KANSAS CITY, Mo. - Rosilyn Temple is a grieving mother.
“His name was Antonio Thompson. We call him Pee Wee, because when he was born, he was little.”
It’s an experience no one wants to have, but as other mothers face the same circumstance, Temple is right there to provide comfort.
Temple recently took 41 Action News anchor Kevin Holmes to where her son died seven years ago – it’s a place Temple still struggles.
“I can remember walking around. That was open right there,” Temple said, pointing to a place now covered in greenery.
It was the day before Thanksgiving in 2011 when police found Pee Wee shot to death inside his Kansas City apartment.
“I just fell to the ground, I couldn’t catch my breath” Temple recalls. “My son’s death broke my heart. I just don’t understand why it’s so hard for people to step up and do something that’s right.”
Temple now heads the local chapter of Mothers In Charge. She and her organization provide support for grieving mothers and walk them through the process.
“Grief is dangerous,” Temple says, which is why she says no one should go through the process alone.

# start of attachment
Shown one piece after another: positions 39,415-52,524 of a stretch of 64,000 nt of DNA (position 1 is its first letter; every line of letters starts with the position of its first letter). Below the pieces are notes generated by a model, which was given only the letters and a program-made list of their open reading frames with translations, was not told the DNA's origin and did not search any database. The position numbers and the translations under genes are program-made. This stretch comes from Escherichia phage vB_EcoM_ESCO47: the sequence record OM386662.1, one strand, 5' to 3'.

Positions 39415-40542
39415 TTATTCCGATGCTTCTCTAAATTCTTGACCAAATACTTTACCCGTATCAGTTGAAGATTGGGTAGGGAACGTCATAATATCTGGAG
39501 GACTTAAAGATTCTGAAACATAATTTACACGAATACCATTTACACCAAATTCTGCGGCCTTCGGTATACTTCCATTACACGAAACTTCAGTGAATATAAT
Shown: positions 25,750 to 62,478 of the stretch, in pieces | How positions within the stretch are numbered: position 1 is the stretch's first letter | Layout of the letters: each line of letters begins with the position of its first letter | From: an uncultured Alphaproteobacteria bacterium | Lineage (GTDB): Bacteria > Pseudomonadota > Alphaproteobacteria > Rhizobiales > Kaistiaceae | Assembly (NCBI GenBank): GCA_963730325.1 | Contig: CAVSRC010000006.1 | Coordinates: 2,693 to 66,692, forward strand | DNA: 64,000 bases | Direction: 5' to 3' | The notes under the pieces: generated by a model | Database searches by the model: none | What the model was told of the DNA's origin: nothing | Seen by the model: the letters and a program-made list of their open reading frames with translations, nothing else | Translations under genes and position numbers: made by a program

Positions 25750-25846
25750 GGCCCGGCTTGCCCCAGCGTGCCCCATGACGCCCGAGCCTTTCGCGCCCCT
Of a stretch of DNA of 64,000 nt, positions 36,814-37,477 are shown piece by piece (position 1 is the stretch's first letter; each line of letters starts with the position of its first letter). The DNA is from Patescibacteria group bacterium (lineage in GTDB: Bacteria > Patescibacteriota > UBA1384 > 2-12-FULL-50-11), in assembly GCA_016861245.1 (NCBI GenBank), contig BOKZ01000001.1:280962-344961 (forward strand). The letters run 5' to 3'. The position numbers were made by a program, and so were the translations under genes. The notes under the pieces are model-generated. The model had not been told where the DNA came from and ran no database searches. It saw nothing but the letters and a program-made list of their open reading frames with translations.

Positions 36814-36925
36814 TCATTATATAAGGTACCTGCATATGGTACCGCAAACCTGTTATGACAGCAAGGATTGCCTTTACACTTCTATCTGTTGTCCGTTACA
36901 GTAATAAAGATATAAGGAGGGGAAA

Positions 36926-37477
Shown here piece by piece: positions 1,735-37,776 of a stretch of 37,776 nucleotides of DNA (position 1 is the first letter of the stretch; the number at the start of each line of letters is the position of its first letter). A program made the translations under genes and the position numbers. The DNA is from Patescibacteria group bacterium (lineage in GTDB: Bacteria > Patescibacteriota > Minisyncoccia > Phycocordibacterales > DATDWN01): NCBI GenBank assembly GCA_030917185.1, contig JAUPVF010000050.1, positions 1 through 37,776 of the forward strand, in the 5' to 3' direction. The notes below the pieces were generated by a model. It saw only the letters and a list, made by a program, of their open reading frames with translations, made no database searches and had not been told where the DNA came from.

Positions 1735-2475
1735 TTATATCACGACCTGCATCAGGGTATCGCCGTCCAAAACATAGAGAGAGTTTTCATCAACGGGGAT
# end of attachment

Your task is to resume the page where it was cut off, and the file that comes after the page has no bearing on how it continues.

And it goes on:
She even assists mothers and police in solving homicides, all the while in need of help herself.
“Somebody killed my son and no one has the decency to stand up and say ‘I’mma help that woman,’” Temple said. “I do everything to try and help everybody, anybody in the community.”
Temple remains optimistic that Pee Wee’s murder will eventually be solved.
“I’m fighting, yes I do. I believe in the system.”
Like most people, Temple also believes money talks.
Crime Stoppers recently announced the decision to increase the maximum reward to $10,000.
Hours after that announcement, a tip came in that allowed police to solve the murder of Norez Brock.
Solving just that one case has given grieving mothers renewed hope, including Temple.
“I’m giving my community all of me. All of my time. The last breath of my body, my community will have it. So give me that and help me solve my son’s case.”